Building a prototype Dual Detector VNA

Getting closer to completion of the VNA board

What a nice feeling when after many late night testing and tweaking, desoldering the components and soldering them back onto the board, making thousands of Google queries, time comes to move on. All removed during multiple tests components are now back where they belong to, the shack desk is clean and ready to receive a fresh pile of jumper wires, bobbins of solder and flux bottles.

What I noticed a while ago, was that working on a project is much easier, and the project has more chances to be finished if you build it the way that gives fast and easy access to its functional parts. Normally this translates to installation of peripheral connectors to get the signals in and out of the boards instead of soldering the wires permanently. I now try to follow this rule even when I build circuits on the pegboards. Takes a few seconds to get the board out for parts replacement, to clean the flux, drill holes, or show to your colleague.

Same approach was used with the N2PK VNA dual detector board. In addition to the SIP row connectors existed in the original design, I wanted to interface the RF signals by terminating them on the board with the SMA or SMB type RF connectors. The benefits received were hard to overestimate, especially when working around the enclosure. The board now is pretty much finished, and I posted a few pictures of it below. You may find a few extra components installed, and a few of them missing, but that were the ones needed only for the experimentation, or which were not critical to my use, such as the master oscillator buffer IC and its output connector, which I did not install at all.


Download a bigger picture of the board done with a higher resolution. Sorry, that was the most my old Sony camera was capable of.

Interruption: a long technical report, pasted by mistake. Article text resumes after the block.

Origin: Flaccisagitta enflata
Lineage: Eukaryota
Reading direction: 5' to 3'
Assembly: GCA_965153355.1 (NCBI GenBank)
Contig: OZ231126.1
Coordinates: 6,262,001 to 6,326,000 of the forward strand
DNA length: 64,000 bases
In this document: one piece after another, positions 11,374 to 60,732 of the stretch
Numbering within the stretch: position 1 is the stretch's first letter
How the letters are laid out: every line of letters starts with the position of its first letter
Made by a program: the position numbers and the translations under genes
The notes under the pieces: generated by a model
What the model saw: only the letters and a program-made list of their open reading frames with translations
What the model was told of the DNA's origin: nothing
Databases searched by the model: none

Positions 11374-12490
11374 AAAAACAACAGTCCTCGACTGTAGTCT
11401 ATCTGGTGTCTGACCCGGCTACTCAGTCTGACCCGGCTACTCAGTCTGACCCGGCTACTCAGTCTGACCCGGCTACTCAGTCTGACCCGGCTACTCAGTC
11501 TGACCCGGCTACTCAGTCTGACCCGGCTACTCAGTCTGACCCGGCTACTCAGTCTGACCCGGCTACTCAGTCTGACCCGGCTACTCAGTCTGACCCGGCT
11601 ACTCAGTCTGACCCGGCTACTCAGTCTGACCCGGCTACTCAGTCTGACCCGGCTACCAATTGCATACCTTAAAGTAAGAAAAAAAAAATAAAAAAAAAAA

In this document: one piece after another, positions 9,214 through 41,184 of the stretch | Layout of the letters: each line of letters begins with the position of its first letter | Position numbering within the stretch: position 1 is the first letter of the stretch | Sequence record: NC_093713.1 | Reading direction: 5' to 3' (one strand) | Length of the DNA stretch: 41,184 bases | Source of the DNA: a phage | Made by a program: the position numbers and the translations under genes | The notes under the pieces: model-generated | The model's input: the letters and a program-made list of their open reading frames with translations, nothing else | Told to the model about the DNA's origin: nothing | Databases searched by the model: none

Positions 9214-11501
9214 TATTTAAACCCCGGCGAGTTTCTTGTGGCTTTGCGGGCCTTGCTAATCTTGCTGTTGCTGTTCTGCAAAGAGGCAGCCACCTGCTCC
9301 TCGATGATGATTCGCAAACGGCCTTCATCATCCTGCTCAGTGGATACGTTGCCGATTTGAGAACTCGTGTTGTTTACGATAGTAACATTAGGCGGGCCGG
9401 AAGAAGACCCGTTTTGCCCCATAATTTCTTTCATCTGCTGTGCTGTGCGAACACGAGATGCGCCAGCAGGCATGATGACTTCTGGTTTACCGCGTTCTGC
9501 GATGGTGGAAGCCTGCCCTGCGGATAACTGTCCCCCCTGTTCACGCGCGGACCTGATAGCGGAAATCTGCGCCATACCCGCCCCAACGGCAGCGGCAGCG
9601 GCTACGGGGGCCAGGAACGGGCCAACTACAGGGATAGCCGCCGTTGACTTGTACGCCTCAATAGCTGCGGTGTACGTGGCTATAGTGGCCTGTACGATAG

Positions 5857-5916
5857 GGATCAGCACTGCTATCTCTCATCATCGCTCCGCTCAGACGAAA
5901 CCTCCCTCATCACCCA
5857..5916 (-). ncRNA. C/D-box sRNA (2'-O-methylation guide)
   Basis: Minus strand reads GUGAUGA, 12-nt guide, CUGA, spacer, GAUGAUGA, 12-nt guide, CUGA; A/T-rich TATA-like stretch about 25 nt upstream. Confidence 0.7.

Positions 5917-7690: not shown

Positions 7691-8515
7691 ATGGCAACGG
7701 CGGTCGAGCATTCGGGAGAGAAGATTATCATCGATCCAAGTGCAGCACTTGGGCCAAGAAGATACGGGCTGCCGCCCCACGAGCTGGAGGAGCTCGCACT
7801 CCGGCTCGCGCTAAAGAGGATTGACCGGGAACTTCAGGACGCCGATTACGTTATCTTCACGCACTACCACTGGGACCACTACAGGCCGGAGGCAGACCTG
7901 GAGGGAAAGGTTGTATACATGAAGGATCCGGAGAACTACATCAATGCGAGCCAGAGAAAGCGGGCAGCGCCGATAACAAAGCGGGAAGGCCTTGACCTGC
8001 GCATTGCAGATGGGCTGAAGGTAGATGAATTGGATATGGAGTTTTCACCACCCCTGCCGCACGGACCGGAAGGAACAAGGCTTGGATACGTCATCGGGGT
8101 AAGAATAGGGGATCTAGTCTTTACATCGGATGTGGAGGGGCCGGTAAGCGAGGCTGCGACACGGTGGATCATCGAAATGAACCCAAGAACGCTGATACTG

Observations and changes to the design

The first tests I did with the board showed noise level at a -100dB mark. Mounting the board in the enclosure improved this figure by 10dB dropping it down to -110dB.

It appears the board and ambient temperature changes contribute the most to the detectors offset drift. The offset drift affects calibration. This mainly affects low signal level measurements and may not be that critical for most of measurements done in transmission mode, but you have to be aware of that. My experiments showed that heat removal, such as usage of a big heatsink or a fan, may not be the best method to fight thermal drift. In this case the drift still exists, slowly rising with time (for hours). Instead, use of a small to moderate size heatsinks for the AD9851 ICs and the master oscillator gives much better drift curve, which rises fast during first 20 minutes, and then the change stabilizes within a microvolt or two.

In order to help the builder to secure the DDS and master oscillator heatsinks, I will update the layout with two mounting holes. They will be located to the left of the DDS ICs in the ground plane area. The particular methods of mounting of the heatsinks is left to the builders engineering skills.


I would like to thank the people who helped me in numerous ways to get this prototype board running. Here is the names in alphabetical order:

  • Edgar Brown, N6OU
  • Milosh Rankovic, VA3VEF
  • Paul Kiciak, N2PK
  • Tim O'Rourke, W4YN

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